Building a more flexible employee

Wondering about how to solve this one. Got an employee who is good at things, as long as there are no changes. But we need more. Stuff always comes up and we can’t always put him in a place where he won’t be interrupted. We can’t protect him from problems that crop up, in fact, we need him to attack the problems, not just get in a groove and do what he’s always done. There are go-getters who solve problems and he’s an obstructionist. How can we turn him around?

Thoughts of the day: Change and uncertainty are hard for some people. Flexibility and adaptability are great skills to have. Build up training programs to help your less flexible employees.

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If Employees Aren’t Listening, Reflect on Leadership

Worried that people who should be listening to me, aren’t listening to me. Think about my employees, and ask myself, “If they’re not going to listen to their boss, who are they going to listen to?” How can I keep from getting pushed out of the way?

Thoughts of the Day: Take a look around you. Make time to think about what you want, and whether the habits of communicating are getting you there. Figure out how you can get better at communicating. Lower your perception of the consequences if things go wrong. Think before you speak. Plant seeds.

Is it really just you who’s being ignored, or are others having the same problem? Is it all employees, or just some? Is it the same employee over and over, or different employees at different times? Is it all the time, or just some of the time?

Figure out the conditions under which you observe that you aren’t being heard. Compare that to your observations about what others experience under similar conditions. Do a reality check on who, when, what, and how people go their own way without dialing in to you.

Then ask some questions. Are they attempting to spread their wings, trying to fly solo with new skills they’ve acquired? Are they repeating a habitual way of behaving with you – as in, they always dial you out? Or is it somewhere in between?

Now do a reality check. What happens if specific people do or don’t listen to you? Do they get better results with, or without your input? Or do they come out about the same either way? Do they get enough value from your input that they can achieve higher level outcomes? Are you making requests that make their life easier or harder? Try looking at it from the receiver’s viewpoint.

Time for a bit of self-reflection. How do you come across as a leader? Are you positively motivated, and are you positively motivating the people around you? Can you inspire confidence?

Think about this. If you’re not ready to empower yourself to achieve success, how will you impart that to others? On the other hand, if you’re leading and no one is following, why is the whole group following a different path? What is it about how you’re coming across?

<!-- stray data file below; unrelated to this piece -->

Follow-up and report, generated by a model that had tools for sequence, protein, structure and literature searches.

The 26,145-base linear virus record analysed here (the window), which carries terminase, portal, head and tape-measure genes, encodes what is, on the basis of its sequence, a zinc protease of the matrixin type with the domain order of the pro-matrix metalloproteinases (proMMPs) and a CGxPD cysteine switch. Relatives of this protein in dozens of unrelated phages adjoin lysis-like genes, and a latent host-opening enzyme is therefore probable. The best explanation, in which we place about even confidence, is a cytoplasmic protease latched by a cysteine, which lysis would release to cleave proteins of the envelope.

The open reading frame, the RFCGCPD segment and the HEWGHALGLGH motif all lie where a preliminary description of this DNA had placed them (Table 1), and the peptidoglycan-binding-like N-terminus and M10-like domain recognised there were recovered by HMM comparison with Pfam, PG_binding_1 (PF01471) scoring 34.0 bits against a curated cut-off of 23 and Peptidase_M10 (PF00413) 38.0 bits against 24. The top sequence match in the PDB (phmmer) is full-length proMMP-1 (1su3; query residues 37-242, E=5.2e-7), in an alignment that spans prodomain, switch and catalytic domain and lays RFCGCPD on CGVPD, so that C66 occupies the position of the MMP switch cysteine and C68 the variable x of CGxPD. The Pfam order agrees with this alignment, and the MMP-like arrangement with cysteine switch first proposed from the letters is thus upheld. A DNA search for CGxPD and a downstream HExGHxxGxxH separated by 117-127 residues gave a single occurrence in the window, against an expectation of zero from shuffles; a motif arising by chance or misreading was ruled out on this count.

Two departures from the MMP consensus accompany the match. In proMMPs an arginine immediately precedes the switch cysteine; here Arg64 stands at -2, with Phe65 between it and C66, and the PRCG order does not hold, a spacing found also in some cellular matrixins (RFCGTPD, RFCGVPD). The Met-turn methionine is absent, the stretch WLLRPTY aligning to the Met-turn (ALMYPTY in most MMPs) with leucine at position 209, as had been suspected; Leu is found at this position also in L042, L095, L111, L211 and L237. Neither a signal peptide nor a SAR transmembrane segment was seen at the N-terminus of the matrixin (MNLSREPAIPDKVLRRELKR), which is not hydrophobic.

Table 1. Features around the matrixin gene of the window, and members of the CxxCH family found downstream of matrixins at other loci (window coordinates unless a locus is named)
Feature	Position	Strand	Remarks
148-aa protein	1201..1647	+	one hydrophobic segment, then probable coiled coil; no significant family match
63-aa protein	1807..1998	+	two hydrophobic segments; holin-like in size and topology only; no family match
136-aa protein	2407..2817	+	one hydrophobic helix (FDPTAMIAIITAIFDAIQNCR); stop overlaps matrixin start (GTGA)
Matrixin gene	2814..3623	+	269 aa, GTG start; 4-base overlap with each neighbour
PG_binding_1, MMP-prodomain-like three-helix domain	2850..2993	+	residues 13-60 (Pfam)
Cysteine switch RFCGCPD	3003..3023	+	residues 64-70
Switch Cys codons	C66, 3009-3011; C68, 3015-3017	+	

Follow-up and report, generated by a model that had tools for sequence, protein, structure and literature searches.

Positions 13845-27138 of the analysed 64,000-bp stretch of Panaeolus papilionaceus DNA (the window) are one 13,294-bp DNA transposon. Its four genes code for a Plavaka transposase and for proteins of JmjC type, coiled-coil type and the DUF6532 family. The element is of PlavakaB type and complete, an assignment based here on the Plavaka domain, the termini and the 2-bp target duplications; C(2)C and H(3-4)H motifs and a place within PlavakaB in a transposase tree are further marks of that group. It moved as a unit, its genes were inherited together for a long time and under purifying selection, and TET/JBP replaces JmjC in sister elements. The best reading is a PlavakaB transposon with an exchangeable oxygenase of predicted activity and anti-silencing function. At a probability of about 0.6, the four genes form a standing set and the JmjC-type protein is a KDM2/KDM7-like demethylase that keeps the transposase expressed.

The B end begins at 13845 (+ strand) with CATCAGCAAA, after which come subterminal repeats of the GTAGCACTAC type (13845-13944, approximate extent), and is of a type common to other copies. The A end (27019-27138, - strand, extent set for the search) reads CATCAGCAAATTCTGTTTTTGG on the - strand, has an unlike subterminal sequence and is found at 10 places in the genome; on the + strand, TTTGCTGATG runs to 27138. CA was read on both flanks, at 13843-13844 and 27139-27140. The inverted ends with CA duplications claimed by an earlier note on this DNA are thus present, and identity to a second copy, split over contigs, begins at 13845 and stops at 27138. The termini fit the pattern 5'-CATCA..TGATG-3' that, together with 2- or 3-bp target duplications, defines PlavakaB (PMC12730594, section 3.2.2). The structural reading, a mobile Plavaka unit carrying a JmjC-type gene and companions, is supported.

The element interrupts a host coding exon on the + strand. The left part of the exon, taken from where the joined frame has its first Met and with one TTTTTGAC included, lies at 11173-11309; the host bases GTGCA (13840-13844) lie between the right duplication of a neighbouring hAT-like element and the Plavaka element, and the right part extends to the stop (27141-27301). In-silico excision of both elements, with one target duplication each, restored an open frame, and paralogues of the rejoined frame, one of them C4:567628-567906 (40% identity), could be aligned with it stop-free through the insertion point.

Can you take as good as you dish it out? If someone isn’t listening to you, ask them why. But be prepared to hear some things that might make you uncomfortable. Listen without defense in order to learn.

What in your style of presentation is irritating people or pushing them away. It often comes down to what you say and how you say it. Is it all about getting what you want? What gets in the way of perceiving or responding to what the person across from you needs?

Negative approaches tend to generate negative responses, and vice versa for positive ones. Keep doom and gloom to a minimum – it’s neither inspiring nor motivating. Instead, search for purpose. Put people on a mission.

Give people a visual of how things might turn out. Make sure it’s one that they’d actually want to achieve. Make it something worth having, something worth reaching for, from theirs, not your, point of view. To do that, you’re actually going to have to invest some time figuring out where the other person is coming from.

Remind yourself that it takes a village to build well rounded solutions. Plant seeds. Ask for small changes. Encourage behaviors you want to see continue by saying, “thank you, I appreciate that.” Talk honestly about problems, but also build people up by showing them how changes they are making lead to a better world. Take time out to celebrate wins – more than the time spent moaning over losses – a lot more.

Looking for a good book? Start With Why: How Great Leaders Inspire Everyone to Take Action, by Simon Sinek.

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Enlist a Team of Leaders to Avoid Micromanaging

Someone suggested recently that I spend too much time plugging holes and fixing problems. I thought it was my job as owner to ensure things run well. I realized that I’m not my staff’s backfill; they are my backfill. Can you help me get my head around this change?

Thoughts of the Day: A pyramid cannot stand on its point; it needs to stand on its base. Build your pyramid by building a group of strong, cross-supporting people under you. Expect people to help each other become leaders. Unleash results that come from people who willingly deal with difficulties and challenges. Take the weight off your shoulders by stepping back.

Think of your company as a total structure made up of individual blocks, built up from foundation to pinnacle. No one block could hold up the entire structure, but when set together in a common structure, interlocked, cross-supporting, they create one of the strongest structures on the planet — a pyramid.